Former President Trump accidentally slapped sanctions on an Italian restaurant in his final days of office, thinking that the restaurant was part of a Venezuelan oil network that the administration sought to blacklist.
On Trump's final day of office, the former President sanctioned all Venezuelan companies and individuals associated with Petroleos de Venezuela (PDVSA), the country's state-owned oil firm, in order to force Venezuela President Nicolas Maduro to resign. Maduro, often described as a "dictator" has been widely criticized by the international community for various forms of corruption and human rights abuses. Several nations did not recognize his most recent election win in 2018.
As a part of the long-term U.S. embargo on Venezuela, the Trump administration identified a man named Alessandro Bazzoni over suspicions that he was involved in a network of Venezuelan oil companies attempting to skirt around U.S. sanctions.
However, Trump erroneously applied sanctions to two other men with the same name, one of whom runs a Sardinia graphic design studio called SeriGraphicLab and the other a Verona pizzeria called AMG SAS Di Alessandro Bazzoni & C. The pizzeria owner reportedly discovered he'd been sanctioned during a visit to his bank.
"When I heard that my current accounts had been blocked, I thought it was a joke," Bazzoni told Italian newspaper Corriere della Sera. "These are already difficult times for us restaurant owners, the last thing I needed was to have my accounts blocked."
Bazzoni, a 45-year-old restauranteur whose business suffered greatly from the sanction amid the pandemic, told the paper that he had not received an apology from the U.S. government. However, a treasury official corrected the error on Wednesday, according to Reuters. The department reportedly flagged the mistake back in January.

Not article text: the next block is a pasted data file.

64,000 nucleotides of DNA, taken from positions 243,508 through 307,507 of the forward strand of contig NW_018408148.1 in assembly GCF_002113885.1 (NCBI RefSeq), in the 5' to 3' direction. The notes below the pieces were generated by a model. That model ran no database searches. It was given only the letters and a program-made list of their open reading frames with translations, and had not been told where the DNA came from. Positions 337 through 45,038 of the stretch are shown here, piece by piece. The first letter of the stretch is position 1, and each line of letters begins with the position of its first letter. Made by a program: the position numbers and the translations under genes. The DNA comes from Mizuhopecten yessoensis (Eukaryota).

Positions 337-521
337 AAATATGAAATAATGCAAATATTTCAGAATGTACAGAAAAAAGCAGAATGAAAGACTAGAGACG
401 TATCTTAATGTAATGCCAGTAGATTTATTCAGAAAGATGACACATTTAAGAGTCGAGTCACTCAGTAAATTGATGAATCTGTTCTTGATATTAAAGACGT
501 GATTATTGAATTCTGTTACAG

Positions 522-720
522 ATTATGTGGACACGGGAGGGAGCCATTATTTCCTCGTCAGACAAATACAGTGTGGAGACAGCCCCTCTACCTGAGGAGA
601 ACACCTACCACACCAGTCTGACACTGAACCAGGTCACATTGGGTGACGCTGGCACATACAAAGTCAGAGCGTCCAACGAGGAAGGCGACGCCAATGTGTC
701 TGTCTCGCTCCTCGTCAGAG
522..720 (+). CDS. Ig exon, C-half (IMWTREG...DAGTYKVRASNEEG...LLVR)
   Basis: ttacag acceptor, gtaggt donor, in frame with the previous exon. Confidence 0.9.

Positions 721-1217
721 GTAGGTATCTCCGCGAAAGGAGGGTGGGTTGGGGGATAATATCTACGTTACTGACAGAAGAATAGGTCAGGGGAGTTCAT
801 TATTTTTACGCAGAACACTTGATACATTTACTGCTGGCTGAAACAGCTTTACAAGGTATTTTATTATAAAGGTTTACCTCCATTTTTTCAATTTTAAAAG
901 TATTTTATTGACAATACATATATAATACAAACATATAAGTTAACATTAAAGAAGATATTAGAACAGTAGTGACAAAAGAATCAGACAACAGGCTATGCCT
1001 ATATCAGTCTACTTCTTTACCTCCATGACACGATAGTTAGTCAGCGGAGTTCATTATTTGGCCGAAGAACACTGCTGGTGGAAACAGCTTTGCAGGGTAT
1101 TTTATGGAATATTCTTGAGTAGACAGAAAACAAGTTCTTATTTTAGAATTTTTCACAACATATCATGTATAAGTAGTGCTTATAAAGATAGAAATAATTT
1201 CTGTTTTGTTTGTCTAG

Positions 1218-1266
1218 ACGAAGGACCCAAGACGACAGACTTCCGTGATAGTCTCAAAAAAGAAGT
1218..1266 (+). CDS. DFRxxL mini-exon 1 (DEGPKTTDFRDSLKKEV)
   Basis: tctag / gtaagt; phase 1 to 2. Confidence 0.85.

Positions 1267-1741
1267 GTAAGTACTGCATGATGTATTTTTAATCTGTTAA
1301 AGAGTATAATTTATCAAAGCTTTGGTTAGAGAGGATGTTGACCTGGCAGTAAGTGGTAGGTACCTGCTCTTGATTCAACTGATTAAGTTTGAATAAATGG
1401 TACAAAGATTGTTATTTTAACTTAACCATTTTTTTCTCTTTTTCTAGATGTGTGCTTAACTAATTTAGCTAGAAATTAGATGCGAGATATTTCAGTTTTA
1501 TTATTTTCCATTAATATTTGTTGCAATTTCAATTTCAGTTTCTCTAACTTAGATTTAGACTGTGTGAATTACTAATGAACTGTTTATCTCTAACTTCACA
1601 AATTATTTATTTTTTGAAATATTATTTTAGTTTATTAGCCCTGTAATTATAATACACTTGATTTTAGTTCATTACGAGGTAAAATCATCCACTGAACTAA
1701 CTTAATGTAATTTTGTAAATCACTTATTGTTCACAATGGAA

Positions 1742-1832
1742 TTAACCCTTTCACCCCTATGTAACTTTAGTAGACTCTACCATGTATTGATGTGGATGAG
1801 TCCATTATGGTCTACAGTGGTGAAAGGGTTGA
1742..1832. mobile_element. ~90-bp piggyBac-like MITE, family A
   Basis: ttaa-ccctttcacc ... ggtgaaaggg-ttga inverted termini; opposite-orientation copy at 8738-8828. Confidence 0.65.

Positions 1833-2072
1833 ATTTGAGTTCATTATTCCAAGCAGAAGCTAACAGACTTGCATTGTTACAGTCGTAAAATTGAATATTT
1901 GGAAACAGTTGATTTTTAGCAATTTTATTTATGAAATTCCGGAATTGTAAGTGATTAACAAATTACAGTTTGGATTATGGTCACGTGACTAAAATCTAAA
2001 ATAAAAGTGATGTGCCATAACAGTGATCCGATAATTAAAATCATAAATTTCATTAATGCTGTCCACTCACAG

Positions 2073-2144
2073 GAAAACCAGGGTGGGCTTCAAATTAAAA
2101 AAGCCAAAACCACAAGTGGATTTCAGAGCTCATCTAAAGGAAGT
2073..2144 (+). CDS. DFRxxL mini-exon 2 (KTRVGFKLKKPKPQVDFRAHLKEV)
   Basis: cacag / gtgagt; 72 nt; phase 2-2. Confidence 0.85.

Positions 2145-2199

"After receiving additional information following the designations, [Office of Foreign Assets Control] concluded that companies were owned by a different Alessandro Bazzoni than the person we designated," a treasury official told The Hill. "Consequently, we promptly removed the two companies from our list to avoid inadvertently harming innocent parties."
Legal experts say mistakes like this have happened in the past and can be costly to deal with.
"I thank the new American government for the efficiency with which it intervened," Bazzoni, the restaurateur told Corriere della Sera. "They resolved the problem. I shouldn't be involved anymore. It was a mistake [...] thankfully it was all resolved in a couple of months."
Tim O'Toole, a sanctions specialist at law firm Miller & Chevalier, told Reuters that Trump likely committed the error amid the tidal wave of hastily-applied restrictions against Iran, China, and Venezuela. "When you move that fast, you tend to make mistakes," he said.
According to The Washington Post, the usage of targeted sanctions against individuals shot up during the Trump administration. An analysis conducted by law firm Gibson, Dunn & Crutcher found that Trump had applied just about double the amount that former President Obama did.
A treasury official told the Hill that the intended Bazzoni remains under sanctions.